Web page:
As many of you may know, several of the coaches at Power Athlete HQ also double as CrossFit Football Seminar Staff. I am one of those coaches. The goal of our seminar, in conjunction with ensuring attendees know how to effectively implement our program, is to make better coaches.
Although this is a generic and broad sounding goal, we dedicate an entire lecture called “Coach’s Responsibility” to just that. Rome wasn’t built in two days, and nor will perfect coaches miraculously emerge from our weekend knowledgefest, but we aim to scratch the surface at the very least. Recently, I was reminded of just how influential a coach can be in their own athlete’s success or failure.
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During a recent team instructional situation, I was coaching up a participant who was a former field sport athlete, current sport coach, and strength and conditioning coach. This particular gentleman did not like when I casually suggested a minor change to his power clean set up, which by the way, was dogshit, and proceeded to make a scene in protest to my coaching. He began to question my correction and before I could finish providing him with the purpose he aggressively slammed an unloaded barbell to the ground.
One thing we do not tolerate under our instruction is disrespectful treatment of the equipment which does not belong to you. We are very vocal about this rule and it came as no surprise to anyone when I ordered all athletes to participate in a team punishment of deadbugs. The person in question refused to join the team, so I chose participate in his place. Upon further discussion with this gentleman, myself and the other head coach discovered that he was neither open to learning our methods nor had plans to teach them. He also decided he’d rather not actively participate for the duration of the weekend.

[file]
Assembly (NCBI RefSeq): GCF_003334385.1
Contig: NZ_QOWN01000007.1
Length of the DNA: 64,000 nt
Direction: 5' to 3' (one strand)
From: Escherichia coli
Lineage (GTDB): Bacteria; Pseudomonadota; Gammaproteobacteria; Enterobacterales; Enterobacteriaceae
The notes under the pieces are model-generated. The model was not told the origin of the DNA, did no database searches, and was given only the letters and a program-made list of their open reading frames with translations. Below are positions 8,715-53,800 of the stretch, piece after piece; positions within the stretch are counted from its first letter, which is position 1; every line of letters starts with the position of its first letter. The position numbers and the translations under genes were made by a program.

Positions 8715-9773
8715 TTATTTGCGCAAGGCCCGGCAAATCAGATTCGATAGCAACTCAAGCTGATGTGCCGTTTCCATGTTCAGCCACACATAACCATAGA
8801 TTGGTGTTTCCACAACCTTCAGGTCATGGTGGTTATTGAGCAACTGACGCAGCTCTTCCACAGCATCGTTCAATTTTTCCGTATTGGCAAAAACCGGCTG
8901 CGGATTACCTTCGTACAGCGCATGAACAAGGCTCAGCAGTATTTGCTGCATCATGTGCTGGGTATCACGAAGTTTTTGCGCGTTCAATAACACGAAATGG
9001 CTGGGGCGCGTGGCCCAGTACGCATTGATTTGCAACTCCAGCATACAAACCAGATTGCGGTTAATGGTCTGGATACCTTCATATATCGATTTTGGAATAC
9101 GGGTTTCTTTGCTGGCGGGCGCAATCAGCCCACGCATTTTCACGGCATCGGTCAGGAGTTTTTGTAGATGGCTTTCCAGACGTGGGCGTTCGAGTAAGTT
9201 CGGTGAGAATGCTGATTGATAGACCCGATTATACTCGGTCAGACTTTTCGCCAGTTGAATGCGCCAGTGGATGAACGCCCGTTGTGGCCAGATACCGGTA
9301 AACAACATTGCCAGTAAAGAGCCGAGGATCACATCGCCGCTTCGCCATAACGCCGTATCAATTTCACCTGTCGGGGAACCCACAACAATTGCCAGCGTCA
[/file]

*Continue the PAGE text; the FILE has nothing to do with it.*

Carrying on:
I certainly was not butthurt about his decisions to abandon our style of training or opt out of participating, but I did sympathize with any athlete under his command. His attitude, close mindedness, and generally poor conduct reminded me of the characteristics exhibited by some of the worst coaches – who somehow still have jobs.
This is what I refer to as the shitty-coach-trifecta. Similar to the illusive yeti which wander the pacific northwest, the shitty-coach-trifecta is rare but very much alive. The many flaws associated with shitty coaching can really fall into these three major categories:
2) Lack of Knowledge
We spend so much time as strength and conditioning coaches doing our best to identify an athlete’s physical and mental limiting factors that we often overlook ourselves as part of the equation.
Could we as coaches be our athletes’ biggest limiting factor?
Short answer: absolutely.
Laziness: There is no excuse for a lazy coaching.